April 19, 2018

The Art and Science of Survey Writing

Headshot 3.13 cropcompressBy Karen Sternheimer

Recently, the news of a question about citizenship in the 2020 Census has made news. Critics are concerned that such a question might lead to a lower response rate, most notably by immigrants.

While a census by definition is distinct from a survey, which seeks out a representative sample of a population, both types of research tools rely on good question construction to get the most accurate results. Not only should the questions be written clearly, but ideally they should be written in such a way that brings you closer to learning more about the population.

Writing a survey requires a great deal of thought about the wording of individual questions, the ordering of the questions, and which questions are necessary to learn what the researchers want to find out about the sample or population. For most surveys, length can be a problem as respondents will likely only be willing to devote a short amount of time—if any—to answering the questions.

Writing survey questions is something that students in the social sciences often struggle with. The most common mistake I observe is that new students simply pose their hypothesis in the form of a question, and believe that this will help them test their hypothesis. But unless your hypothesis is about public opinion, this type of question won’t get you very far.

Let’s say you want to learn more about the relationship between educational attainment and income, two straightforward concepts. You wouldn’t ask respondents their opinion about the relationship (“Do you think education is related to income? Circle yes or no”). Although this would be a very easy question to write, it wouldn’t tell you anything about the relationship between education and income. It would tell you whether your informants think there is a relationship, an entirely different (and far less compelling) study.

Instead, you would need to operationalize the concepts of education and income. Put simply, this means that you will need to decide how you will specifically measure these ideas. For this example, we can measure education in years of schooling, and income can be measured in dollars. This would give us two ratio variables, or continuous numbers which will give us access to many different statistical measures for analysis.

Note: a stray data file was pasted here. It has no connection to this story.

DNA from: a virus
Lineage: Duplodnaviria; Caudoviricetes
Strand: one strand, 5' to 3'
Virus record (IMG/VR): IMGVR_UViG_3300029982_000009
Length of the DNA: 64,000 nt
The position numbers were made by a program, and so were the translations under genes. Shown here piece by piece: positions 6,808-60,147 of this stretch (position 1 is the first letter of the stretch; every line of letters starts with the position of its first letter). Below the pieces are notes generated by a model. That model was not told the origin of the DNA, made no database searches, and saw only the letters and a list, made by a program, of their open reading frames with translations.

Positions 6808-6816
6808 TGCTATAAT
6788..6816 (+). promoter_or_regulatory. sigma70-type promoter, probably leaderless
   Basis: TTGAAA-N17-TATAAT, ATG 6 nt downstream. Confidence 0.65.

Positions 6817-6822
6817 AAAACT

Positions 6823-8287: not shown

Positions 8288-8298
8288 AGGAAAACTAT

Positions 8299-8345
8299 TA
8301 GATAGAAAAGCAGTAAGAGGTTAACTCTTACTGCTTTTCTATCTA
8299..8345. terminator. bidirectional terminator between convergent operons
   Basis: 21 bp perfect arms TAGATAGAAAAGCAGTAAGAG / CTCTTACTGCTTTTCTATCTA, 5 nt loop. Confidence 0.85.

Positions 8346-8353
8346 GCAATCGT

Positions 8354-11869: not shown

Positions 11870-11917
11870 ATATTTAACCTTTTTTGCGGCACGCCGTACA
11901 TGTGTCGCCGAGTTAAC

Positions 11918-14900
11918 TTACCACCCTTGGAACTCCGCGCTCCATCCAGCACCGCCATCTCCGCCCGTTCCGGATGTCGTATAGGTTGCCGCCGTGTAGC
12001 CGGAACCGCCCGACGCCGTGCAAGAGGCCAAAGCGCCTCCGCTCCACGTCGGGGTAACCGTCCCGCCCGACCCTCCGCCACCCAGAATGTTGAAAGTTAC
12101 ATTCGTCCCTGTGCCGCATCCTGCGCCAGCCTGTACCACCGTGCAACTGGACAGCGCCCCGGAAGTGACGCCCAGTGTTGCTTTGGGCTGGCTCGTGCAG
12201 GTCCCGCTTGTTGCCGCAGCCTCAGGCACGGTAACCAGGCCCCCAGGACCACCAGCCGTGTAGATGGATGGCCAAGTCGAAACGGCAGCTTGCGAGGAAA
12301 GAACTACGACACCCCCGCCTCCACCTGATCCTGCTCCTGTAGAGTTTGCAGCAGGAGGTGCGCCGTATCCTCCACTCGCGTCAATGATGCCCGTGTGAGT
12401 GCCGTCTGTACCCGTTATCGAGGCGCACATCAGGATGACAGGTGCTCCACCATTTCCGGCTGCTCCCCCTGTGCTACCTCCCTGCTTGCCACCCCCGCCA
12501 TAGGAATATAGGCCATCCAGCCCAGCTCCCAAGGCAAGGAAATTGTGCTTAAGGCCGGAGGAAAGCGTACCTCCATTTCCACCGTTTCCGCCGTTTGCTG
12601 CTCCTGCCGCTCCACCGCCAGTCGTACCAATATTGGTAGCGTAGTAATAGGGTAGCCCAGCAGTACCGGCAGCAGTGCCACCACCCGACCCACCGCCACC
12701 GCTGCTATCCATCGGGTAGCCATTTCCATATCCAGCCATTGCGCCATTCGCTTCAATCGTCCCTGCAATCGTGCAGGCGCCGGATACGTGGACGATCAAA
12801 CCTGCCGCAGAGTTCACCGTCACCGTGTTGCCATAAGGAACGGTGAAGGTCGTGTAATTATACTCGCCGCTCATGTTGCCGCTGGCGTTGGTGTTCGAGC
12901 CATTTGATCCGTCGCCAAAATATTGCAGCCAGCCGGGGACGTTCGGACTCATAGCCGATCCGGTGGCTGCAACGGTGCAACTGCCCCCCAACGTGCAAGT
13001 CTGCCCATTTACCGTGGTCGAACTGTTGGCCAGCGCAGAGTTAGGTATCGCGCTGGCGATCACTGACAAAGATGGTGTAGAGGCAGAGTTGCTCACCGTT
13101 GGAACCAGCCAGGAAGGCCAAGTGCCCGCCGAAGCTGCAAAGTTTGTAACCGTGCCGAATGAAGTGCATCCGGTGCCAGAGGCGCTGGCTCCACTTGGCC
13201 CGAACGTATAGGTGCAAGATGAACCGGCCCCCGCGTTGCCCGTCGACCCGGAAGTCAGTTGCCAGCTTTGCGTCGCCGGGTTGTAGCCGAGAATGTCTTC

But putting operationalized variables in the form of a question can be tricky. Do we ask respondents how many years of education they have? Some people might not be sure (I have to stop and think about this one myself). And what about someone who takes 6 years to earn a degree that others might finish in 3—do they have twice as much education? Or several years of coursework that never led to a degree?

Instead, it might make more sense to ask respondents what is the highest level of education they have completed and provide categories for them to choose from, such as less than high school diploma, high school diploma, some college, college degree, post graduate degree. As ordinal variables, we would have less statistical flexibility for our analysis, but it would likely be easier for respondents to answer and give us the information we are looking for.

We would need to pay particular care to make sure all respondents will have a category that fits their education, and that only one category applies to them. We would also want to think about this conceptually; do we want to include a separate category for people with two-year degrees to separate them out from those with bachelor’s degrees? What about vocational training? GEDs? Do we want to identify people who have attended graduate school but did not finish that degree?

You might think, sure, the more we know the better, but the more categories respondents will have to select from, the longer our survey becomes, and perhaps the more confusing it will be as well. Creators of surveys must have a rationale for both the questions and response choices (for an example, check out the U.S. Census Bureau’s explanation for the questions on the American Community Survey).

What about asking respondents for a simple number, like their annual income? Again, a ratio-level variable would give us lots statistical measures to choose from, but this response option might not be so easy for respondents either. Some people might not know the exact dollar amount of their income. If they do, they might confuse their gross income with their net income, or if they are salaried, they might have that number in mind.

Even if someone does remember their income, they might feel uncomfortable about sharing this information. For these reasons, income categories make more sense in most instances. While creating these categories, we need to keep in mind how they might be easiest for our respondents to choose the appropriate option as well as which is most logical for our sample. If we have a lot of people at the lower end of the income spectrum, have more options at the lower end is a good idea.

As you can see from this seemingly simple example, writing survey questions takes a great deal of thought about what we want to learn, about our respondents, and about what sort of analysis we hope to do with the data.


Good post, thanks for the information

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